For millions of Californians, funding an education is an important goal that requires a lot of planning. Even at the elementary school level, parents must consider school supply lists and the additional tools needed to aid their children’s learning.
Long-term saving for college and other education expenses is a two-horse race to the finish line these days. Prior to 2013, state-sponsored 529 plans (named after a section of the Internal Revenue Code) were the best college savings choice for families because of their investment options and tax advantages.
But the American Taxpayer Relief Act signed into law on January 2, 2013, enhanced the Coverdell Education Savings Account (ESA) as a viable tax-free savings option that can be used on educational expenses as early as kindergarten. Depending on your goals and how the savings account will be used, you could benefit more from either a 529 or ESA so it’s important to understand their details, benefits and restrictions.
Synopsis of the 529
California and most states offer their own 529 plans, but you don’t necessarily need to live in a particular state to invest in its plan. Often the 529 plan in your state of residency offers the most tax advantages, but take some time to research the differences. The most popular 529 option structures the plan as a savings account that offers different investment portfolios. Some portfolios are age-based, meaning early on you’ll invest aggressively in growth-based securities such as U.S. and international stocks and then the portfolio automatically reallocates to more conservative investments as the child approaches college age. Another choice is to create an individualized portfolio in which you determine your investment strategy and adjust it as necessary to meet your risk tolerance. Investment options are determined by the investment company that administers the state program.
There’s also a prepaid option for the 529 plan that allows you to purchase tuition credits for a specific university at today’s price. This might be a good idea if you know exactly where your child will attend college.
Inside the ESA
Coverdell ESAs are gaining popularity because they offer many of the same tax advantages as 529s and the accounts can be used for any qualifying expenses between kindergarten and college, including tuition, books or computers. ESAs were in limbo until tax laws in 2013 solidified their benefits to participants.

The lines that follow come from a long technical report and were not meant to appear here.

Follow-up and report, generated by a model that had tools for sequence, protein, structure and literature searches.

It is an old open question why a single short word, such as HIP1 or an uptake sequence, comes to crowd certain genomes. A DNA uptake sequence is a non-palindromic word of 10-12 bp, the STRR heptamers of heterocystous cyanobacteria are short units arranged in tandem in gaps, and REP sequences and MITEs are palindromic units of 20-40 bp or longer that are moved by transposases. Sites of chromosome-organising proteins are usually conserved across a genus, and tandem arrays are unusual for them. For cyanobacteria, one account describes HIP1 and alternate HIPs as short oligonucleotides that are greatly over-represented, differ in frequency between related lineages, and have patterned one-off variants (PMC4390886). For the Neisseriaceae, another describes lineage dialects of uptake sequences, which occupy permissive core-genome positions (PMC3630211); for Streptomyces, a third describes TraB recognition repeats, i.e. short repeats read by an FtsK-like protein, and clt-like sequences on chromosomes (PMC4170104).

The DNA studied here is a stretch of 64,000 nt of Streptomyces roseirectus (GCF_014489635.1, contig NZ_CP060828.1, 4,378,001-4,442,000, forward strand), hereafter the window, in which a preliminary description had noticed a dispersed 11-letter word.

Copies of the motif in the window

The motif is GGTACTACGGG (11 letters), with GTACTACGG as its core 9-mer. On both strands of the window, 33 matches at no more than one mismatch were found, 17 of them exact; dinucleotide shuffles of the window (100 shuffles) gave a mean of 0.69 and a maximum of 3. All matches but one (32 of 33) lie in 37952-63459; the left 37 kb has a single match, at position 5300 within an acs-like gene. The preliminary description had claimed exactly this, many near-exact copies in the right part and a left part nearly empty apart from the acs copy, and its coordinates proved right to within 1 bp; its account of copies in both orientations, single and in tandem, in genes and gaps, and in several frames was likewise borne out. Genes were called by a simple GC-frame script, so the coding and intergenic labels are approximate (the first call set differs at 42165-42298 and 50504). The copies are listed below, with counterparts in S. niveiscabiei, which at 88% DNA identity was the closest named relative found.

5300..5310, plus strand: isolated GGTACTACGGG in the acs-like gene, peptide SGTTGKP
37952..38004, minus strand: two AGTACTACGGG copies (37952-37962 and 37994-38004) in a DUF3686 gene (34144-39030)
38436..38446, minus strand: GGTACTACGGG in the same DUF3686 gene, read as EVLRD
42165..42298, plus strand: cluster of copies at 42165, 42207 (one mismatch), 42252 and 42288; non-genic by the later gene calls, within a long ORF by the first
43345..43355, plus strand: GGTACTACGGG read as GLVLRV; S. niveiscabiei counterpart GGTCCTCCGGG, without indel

ESAs rely on securities investments in stocks, bonds and mutual funds to help families save more money for education expenses.
Some Similarities of 529 Plans and ESAs
- You control your investments.
- Earnings are tax-deferred.
- Contributions are non-tax deductible for federal income tax purposes.
- Withdrawn funds are federal income tax-free if used for qualifying educational expenses.
- Assets can be transferred to another family member.
- Assets within a 529 plan or ESA may affect your child’s access to financial aid.
Some Differences Between Education Savings Plans
- $2,000 annual contribution limit.
- Contribution deadline is the tax filing date for a given year.
- Income limits for contributors begin at $190,000 for married taxpayers filing jointly.
- Assets must be used or distributed by a beneficiary prior to age 30.
- Assets can be used for elementary and secondary education expenses, not just college.
- Annual contribution limits vary, depending on the state sponsoring the plan.
- No income limit for contributors.
- No age limit on the use of assets.
- Assets can be used only for eligible expenses at accredited public or private colleges or universities.
- Portfolios are administered by investment companies.
Several other differences exist between 529 plans and ESAs. Research as much as possible to find the best education savings option for your family, and consult your tax advisor for accurate information about state and federal tax advantages.